Statement of the Shadow Financial Regulatory Committee on
An Open Letter to President-Elect Obama
December 8, 2008
In addressing the current financial crisis your new administration will face three critical tasks. The first is managing the ongoing mess. The second is to effect an orderly unwinding of the emergency measures the previous administration put in place to bolster financial institutions and markets. The third is to develop a comprehensive policy strategy that will help to shape the financial system of the future.
Effective crisis management solutions must address fundamental causes rather than symptoms. Among the many causes of the crisis are government credit-allocation schemes that distort incentives and adversely affect the function of markets while undermining the effectiveness of private and government supervision. As in this case, such incentive distortions eventually produce financial crisis.
Unfortunately, most of the current administration’s remedies ignore the incentive distortions and treated financial institutions’ problems in rolling over their debts as arising from a shortage of market liquidity rather than doubts about the solvency of troubled institutions. Ad hoc and short-sighted interventions inevitably have adverse longer-term consequences. For example, much of the financial architecture put in place in the 1930s was crafted in the heat of crisis resolution. Despite the effectiveness of some of the emergency interventions of the 1930s, other policy responses were unwarranted and ended up hobbling financial institutions for decades, with significant unintended adverse consequences for financial system efficiency and bank risk management.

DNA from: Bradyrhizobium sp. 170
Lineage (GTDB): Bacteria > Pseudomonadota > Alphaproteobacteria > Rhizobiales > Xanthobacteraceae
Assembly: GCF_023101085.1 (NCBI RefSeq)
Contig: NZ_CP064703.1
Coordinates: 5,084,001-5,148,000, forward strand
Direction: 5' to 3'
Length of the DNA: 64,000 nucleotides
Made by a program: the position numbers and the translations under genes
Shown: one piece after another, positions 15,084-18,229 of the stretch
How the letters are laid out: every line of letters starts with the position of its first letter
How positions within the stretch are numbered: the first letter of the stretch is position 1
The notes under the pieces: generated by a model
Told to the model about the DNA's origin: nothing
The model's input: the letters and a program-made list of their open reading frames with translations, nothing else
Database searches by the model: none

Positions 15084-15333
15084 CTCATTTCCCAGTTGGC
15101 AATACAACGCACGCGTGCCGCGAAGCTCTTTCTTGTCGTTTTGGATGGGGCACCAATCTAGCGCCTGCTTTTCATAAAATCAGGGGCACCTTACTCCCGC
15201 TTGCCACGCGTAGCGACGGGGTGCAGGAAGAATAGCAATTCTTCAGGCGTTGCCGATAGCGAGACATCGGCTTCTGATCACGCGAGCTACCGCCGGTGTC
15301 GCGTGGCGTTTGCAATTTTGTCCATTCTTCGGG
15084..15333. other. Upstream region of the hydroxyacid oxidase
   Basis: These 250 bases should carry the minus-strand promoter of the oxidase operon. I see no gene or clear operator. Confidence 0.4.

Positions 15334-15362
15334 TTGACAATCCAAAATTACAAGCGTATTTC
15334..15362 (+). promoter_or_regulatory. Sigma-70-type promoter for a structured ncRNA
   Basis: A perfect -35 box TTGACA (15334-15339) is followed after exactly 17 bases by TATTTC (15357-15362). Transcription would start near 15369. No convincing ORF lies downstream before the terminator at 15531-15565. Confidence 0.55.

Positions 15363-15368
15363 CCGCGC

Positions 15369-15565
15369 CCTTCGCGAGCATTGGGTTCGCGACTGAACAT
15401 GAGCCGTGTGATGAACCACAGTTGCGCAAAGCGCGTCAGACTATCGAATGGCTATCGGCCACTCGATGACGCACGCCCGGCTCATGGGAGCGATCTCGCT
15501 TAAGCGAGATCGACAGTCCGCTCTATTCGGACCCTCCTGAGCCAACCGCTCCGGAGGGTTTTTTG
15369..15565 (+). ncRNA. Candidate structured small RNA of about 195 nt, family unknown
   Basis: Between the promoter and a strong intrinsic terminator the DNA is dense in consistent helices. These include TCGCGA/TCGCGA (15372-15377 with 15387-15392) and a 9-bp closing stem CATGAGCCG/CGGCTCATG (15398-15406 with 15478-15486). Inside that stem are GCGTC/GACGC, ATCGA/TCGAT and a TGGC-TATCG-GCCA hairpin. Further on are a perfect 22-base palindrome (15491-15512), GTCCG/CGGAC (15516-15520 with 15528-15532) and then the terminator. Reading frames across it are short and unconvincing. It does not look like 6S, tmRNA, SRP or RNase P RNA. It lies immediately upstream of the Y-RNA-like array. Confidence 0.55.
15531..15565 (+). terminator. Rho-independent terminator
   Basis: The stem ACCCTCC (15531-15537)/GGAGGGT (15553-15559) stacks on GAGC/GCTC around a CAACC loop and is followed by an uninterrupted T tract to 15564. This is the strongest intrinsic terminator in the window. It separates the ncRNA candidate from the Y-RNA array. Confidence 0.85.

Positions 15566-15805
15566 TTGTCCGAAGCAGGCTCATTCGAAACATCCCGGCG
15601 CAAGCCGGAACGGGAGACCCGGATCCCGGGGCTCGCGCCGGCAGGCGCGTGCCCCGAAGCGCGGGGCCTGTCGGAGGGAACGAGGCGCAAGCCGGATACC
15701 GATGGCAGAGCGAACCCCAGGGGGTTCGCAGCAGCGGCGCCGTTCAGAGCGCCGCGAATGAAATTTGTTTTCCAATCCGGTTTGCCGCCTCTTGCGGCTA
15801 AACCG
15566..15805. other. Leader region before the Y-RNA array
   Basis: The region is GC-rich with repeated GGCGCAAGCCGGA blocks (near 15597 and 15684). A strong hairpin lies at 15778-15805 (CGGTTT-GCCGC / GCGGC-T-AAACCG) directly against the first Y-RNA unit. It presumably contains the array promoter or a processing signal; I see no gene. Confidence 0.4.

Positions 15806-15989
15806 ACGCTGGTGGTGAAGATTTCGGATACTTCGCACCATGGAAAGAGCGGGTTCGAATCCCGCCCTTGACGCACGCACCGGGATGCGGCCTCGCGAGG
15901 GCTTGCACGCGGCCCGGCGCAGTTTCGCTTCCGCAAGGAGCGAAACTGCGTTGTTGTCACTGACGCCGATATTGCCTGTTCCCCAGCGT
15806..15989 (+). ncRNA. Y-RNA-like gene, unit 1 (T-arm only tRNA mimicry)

Many factors contributed to the current crisis, including a prolonged period of low interest rates from 2002 to 2005. Most importantly, government policies (especially policies toward Freddie Mac and Fannie Mae) to encourage housing have distorted risk management, prudential supervision, and pricing in the mortgage market. Inadequacies in banking supervision and regulatory policies, and the outsourcing of due diligence by both regulators and private sector market participants to rating agencies when coupled with private-sector agency and incentive problems have encouraged excessive leverage and poor underwriting standards.
The Shadow Financial Regulatory Committee would like to highlight what it sees as important lessons from the current crisis in five key areas requiring ongoing policy attention, and articulate principles that should guide long-term reforms and the unwinding of the emergency measures put in place to bolster financial institutions and markets. The five areas are: 1) government policies to subsidize affordable housing, 2) rules defining the limits of safety net protection for the financial system, 3) policies governing financial institution consolidation and competition, 4) prudential regulation and supervision of financial institutions, and 5) disclosure standards and other rules ensuring transparency in financial transactions and positions.